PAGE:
As ever, the first benchmark was a match v Rangers, and the clear defeat to the Huns 4-2 at Ibrox meant that early optimism had dissipated fast. The press had shown their card prior to this defeat with a repulsive "Who is more hated at Ibrox?" headline of “Lennon v Tax Man!” in the Daily Record. After last season’s death threats to Lennon, it wasn’t helping matters. It was pathetic. Aunt Sally McCoist was laughing. His debut season as manager was turning into a walk in the park.
The Huns had leapfrogged Celtic and combined with the dismal performances against Sion in the UEFA Cup qualifiers, the mood had begun to sour against Lennon. Didn't help that our talisman Izaguirre was out injured for months after what appeared at first to be an innocuous It turned out to be for practically the whole season.
Add to that, we had developed an inability to score penalties! That should be the basics for any professional striker! At one point, out of the around six penalties in a row we had scored just two. On the positive side, new boy Kevin Wilson was impressing highly in defence whilst Stokes had got off to a strong start as well.
Concerns arose about future match attendances with the quality on the pitch down and a steep recession hitting pockets. Celtic's attendances were holding up but elsewhere in the league they were in danger of putting clubs out of business.
The Huns were in trouble financially with rumours flying around of administration. If it wasn't for our declining state we'd have taken more satisfaction from it. The taxman was chasing the Huns for a then estimated £50m! Okay that's satisfying and provided much merriment for the rest of us. Chairman Craig Whyte was being chased for dodgy dealings and it was as baffling as it was funny.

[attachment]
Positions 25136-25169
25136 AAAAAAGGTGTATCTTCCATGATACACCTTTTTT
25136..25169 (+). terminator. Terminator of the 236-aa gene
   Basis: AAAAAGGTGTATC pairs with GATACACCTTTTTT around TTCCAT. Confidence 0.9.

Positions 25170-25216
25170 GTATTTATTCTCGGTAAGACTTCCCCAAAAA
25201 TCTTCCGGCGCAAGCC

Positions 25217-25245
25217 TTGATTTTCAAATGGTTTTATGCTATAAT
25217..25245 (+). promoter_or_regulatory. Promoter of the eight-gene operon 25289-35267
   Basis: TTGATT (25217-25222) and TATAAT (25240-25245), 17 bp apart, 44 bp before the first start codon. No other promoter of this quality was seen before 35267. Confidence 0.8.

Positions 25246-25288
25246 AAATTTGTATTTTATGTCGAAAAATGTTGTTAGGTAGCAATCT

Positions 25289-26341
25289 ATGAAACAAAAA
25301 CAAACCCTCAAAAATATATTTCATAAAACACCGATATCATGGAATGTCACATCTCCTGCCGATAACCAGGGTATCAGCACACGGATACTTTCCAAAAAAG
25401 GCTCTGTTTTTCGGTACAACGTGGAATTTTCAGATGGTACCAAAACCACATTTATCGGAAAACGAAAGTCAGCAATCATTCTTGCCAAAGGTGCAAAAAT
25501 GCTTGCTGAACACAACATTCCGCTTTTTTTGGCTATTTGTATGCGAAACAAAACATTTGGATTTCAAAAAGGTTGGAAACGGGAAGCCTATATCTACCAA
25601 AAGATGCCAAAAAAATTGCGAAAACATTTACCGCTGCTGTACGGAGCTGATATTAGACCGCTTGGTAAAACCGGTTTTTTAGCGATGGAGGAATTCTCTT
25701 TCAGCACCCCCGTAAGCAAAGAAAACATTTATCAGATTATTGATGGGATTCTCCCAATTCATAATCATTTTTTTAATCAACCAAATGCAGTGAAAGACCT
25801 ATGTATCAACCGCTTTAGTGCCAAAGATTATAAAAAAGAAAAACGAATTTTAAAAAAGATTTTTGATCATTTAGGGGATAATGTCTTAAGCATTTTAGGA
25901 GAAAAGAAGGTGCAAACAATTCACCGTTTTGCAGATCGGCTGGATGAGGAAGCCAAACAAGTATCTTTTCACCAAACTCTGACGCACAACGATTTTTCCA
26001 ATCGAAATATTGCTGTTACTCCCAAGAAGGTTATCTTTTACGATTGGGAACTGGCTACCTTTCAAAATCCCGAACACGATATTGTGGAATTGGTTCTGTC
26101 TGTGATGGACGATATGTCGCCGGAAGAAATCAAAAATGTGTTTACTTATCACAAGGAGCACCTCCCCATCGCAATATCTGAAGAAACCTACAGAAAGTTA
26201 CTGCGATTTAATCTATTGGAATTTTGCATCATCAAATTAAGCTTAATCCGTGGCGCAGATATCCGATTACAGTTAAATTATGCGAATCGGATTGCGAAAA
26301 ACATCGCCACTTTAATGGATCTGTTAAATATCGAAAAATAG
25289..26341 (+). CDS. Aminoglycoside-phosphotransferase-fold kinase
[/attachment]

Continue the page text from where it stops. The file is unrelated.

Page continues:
Despite the gloom, the one player who had come on leaps and bounds was James Forrest. A great right midfielder he had more than cemented a first team place and was burning up the right hand flank with nobody able to touch him. A great ability to tackle, cross and score is practically the perfect package and he was just getting better. Kenny Dalglish paid a visit to Celtic with the rumours that he was there to watch Forrest. We just hoped we could keep him (and we did). He was at a far more developed stage than even the more lauded Aiden McGeady was as the same age, but Forrest was by no means yet the complete article.
It was quite infuriating that the team were relying on a youngster. The older heads had to pull up their socks, although in fairness we had a relatively young squad and in retrospect Lennon should have managed a better balance in his squad dealings prior the season starting. He himself had whinged about being sick of experiments and players for the long-term instead of the here and now when he took the job initially. He wasn’t practicing what he had preached; a worrying sign?
A season of turns
Back to the football, and we hit a rut with a series of bad result. Worst was a 2-0 league defeat to Hearts which compounded problems. Hearts was another Scottish club in collapse financially with players going unpaid, unrest in the changing rooms and so on. It was poor that we’d been beaten by them convincingly.
If ever a game was to prove to become either the nadir or a blessing for Lennon it was the first away match v Kilmarnock. What should have been a straight forward victory turned sour when unfathomably the Celtic side collapsed with an abject performance to head into the half-time interval three goals down! There was hardly a single soul amongst the Celtic support who thought other than that Lennon had to go. Remarkably, a turnaround in the second half saw the first team claw back the deficit to steal a draw! Regardless, there was little relief at the result and instead the omens were not good. Lennon came out with bullish comments on the match but few were convinced. It was a humiliating day.